Edmund F. (Ferdinand) Ball, the son of Edmund Burke Ball and Bertha Crosley Ball, was born in Muncie, Indiana on January 8, 1905. After attending the Muncie grade school, he attended Asheville School for Boys, Asheville, North Carolina from 1920 to 1923, and then Wabash College of Indiana from 1923 to 1925. His degrees include a Bachelor of Philosophy (Ph.B.) from Yale University in 1928, honorary Doctor of Laws (LL.D.) degrees from Ball State University, DePauw University and Indiana University as well as H.H.D. degrees from Keuka College and Wabash College.
From 1941 to 1945, Ball served with various Air and Ground Force installations, advancing to the rank of Major, and also served in the War Department, Washington, D.C. As a staff officer with the Fifth Army, he saw combat in the European-Mediterranean theater, and was awarded the Bronze Star. During part of his time in the Fifth Army, he aided General Mark W. Clark, and later published a book, Staff Officer, recalling his experiences.
Edmund F. Ball has had a distinguished career in business and in public broadcasting. In 1928, he began at the family-owned Ball Corporation, which later became Ball Brothers in 1969. After various manufacturing assignments, he became glass factories manager in 1936. He held that post until 1940 when he became the vice-president of glass operations. Meanwhile, in 1931, he served as assistant secretary. His other positions have been: director and executive vice-president in 1945, president from 1948 to 1956 and 1967 to 1970, chairman of the board from 1956 to 1969, and finally chairman of the executive committee from 1970 to about 1978. As the Ball Corporation was well-known for satellite and aerospace equipment design, Ball's primary interest was communication systems. Indeed, much of the Ball Corporation's research in satellite design has contributed to the making of television devices which have been helpful to educational broadcasting.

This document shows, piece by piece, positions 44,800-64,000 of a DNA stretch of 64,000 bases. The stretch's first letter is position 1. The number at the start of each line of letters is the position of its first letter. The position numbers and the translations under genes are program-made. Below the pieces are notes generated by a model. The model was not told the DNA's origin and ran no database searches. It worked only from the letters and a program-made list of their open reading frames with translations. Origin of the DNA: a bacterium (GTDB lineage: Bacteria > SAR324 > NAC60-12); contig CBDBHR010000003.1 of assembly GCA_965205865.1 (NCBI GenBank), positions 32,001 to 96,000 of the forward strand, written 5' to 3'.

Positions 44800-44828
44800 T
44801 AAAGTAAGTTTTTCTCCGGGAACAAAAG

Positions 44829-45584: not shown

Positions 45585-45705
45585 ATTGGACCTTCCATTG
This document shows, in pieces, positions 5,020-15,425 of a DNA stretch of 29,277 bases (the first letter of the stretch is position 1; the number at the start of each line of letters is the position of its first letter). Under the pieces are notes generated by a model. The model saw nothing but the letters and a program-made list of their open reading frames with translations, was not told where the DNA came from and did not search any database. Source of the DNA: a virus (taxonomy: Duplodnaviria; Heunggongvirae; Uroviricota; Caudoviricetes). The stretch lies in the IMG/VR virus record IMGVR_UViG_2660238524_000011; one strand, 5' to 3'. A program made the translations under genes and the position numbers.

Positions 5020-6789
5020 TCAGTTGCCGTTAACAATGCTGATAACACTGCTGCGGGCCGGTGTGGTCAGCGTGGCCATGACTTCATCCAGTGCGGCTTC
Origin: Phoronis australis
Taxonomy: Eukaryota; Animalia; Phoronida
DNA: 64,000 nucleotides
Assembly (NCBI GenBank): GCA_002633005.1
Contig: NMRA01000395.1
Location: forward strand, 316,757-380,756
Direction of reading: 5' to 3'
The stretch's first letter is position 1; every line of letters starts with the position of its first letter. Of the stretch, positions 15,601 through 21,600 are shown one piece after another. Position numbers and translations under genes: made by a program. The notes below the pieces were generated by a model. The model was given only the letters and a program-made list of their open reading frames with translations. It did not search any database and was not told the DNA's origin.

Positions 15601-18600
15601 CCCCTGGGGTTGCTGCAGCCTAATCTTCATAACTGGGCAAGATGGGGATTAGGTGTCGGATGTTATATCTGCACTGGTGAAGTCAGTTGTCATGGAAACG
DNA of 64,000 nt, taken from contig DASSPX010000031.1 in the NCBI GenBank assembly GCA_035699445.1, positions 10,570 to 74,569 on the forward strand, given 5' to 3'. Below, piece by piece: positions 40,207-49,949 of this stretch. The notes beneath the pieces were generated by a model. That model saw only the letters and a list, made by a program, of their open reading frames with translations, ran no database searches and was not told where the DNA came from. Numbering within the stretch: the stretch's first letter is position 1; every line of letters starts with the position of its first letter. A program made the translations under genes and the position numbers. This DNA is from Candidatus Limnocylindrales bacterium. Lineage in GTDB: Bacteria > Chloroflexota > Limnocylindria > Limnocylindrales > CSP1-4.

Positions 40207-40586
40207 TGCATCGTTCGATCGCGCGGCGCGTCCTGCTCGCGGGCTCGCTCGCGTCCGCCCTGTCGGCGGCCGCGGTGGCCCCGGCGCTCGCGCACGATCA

Edmund F. Ball's career in public broadcasting began with his membership in the National Council of the Humanities, after which he served as a board member of the Eastern Indiana Educational Television Board. From 1970 to 1973, he served as a public member of the Executive Board of the National Association of Educational Broadcasters (NAEB). On July 27, 1973, Ball was designated lay representative to the Public Broadcasting Service (PBS) for WIPB-TV, Ball State University, Muncie, Indiana. That first year, his PBS duties consisted of serving as the third Vice-Chairman on the Board of Governors, and as a member of the Executive Committee, the CPB-PBS Partnership Review Committee, the Long-Range Finance Committee, and the Coordinating Committee. From 1974 to 1975, he was re-elected to the Partnership Review Committee. In 1976, Ball was elected to be a member of the Development and Public Information Committee. He served on both the Board of Directors and the Board of Governors until he left PBS in 1978.